Different employers offer different perks—from 401(k) matches to beer on tap. Work-from-home flexibility is a common benefit that can lead to a less stressful professional life.
If you’re considering a new job, first understand how your compensation would work. It’s probably the most important thing to consider!
These days, wage and salary make up a smaller part of total compensation than it once did. In 2000, wage and salary made up nearly 73 percent of an average employee’s compensation. Today, the number is closer to 68 percent.
So what makes up the remaining 32 percent? It depends on the employer, many of whom are now offering more “lifestyle” perks. In 2017, more than 43 percent of employers offered so-called “wellness programs” to improve their employees’ fitness and health.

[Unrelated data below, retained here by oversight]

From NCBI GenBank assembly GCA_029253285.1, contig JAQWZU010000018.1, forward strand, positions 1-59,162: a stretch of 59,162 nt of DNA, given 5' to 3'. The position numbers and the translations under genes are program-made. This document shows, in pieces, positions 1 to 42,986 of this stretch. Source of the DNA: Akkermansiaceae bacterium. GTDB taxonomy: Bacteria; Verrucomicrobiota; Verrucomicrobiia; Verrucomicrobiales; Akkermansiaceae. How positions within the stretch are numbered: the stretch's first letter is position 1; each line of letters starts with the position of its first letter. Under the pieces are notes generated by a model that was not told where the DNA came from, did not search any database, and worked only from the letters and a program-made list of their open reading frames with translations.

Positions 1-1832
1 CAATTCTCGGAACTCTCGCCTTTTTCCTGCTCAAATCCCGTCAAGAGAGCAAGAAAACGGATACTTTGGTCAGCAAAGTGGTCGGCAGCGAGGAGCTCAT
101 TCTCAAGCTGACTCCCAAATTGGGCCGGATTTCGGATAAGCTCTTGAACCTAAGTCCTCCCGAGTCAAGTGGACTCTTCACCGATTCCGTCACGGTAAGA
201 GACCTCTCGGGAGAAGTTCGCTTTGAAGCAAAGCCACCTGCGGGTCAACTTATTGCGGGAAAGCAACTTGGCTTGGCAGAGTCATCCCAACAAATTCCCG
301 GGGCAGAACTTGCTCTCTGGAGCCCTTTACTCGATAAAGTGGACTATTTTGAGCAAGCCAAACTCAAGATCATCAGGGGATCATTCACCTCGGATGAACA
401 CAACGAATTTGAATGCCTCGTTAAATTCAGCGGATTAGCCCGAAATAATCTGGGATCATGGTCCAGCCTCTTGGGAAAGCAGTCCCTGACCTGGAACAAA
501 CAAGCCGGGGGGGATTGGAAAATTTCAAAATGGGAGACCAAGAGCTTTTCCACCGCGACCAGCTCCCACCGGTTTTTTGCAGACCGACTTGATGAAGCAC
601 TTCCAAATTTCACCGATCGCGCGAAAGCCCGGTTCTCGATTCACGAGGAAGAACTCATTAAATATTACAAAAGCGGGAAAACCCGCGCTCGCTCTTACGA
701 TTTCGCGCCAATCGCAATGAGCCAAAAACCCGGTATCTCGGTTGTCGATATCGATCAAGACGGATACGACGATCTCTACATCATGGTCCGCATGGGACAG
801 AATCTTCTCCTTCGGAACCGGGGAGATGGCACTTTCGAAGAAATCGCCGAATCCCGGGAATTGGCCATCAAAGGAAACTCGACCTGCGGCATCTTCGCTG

Employees are also seeing bonuses replacing raises. In 2017, one-time bonuses accounted for roughly 13 percent of the rise in total labor costs, while wage and salary accounted for only 2.9 percent. This forces you to consider your total earning—wage and salary plus bonus—instead of just base pay rate. Oftentimes, a generous bonus will do more to increase your take-home pay than a salary bump.
But it’s up to you to determine your preferences. Some Americans are most interested in work-from-home flexibility, while others value stock options and 401(k) matches more.
The top three benefits that employees generally desire (in order) are health insurance, paid time off, and a 401(k) retirement plan. Are you one of them?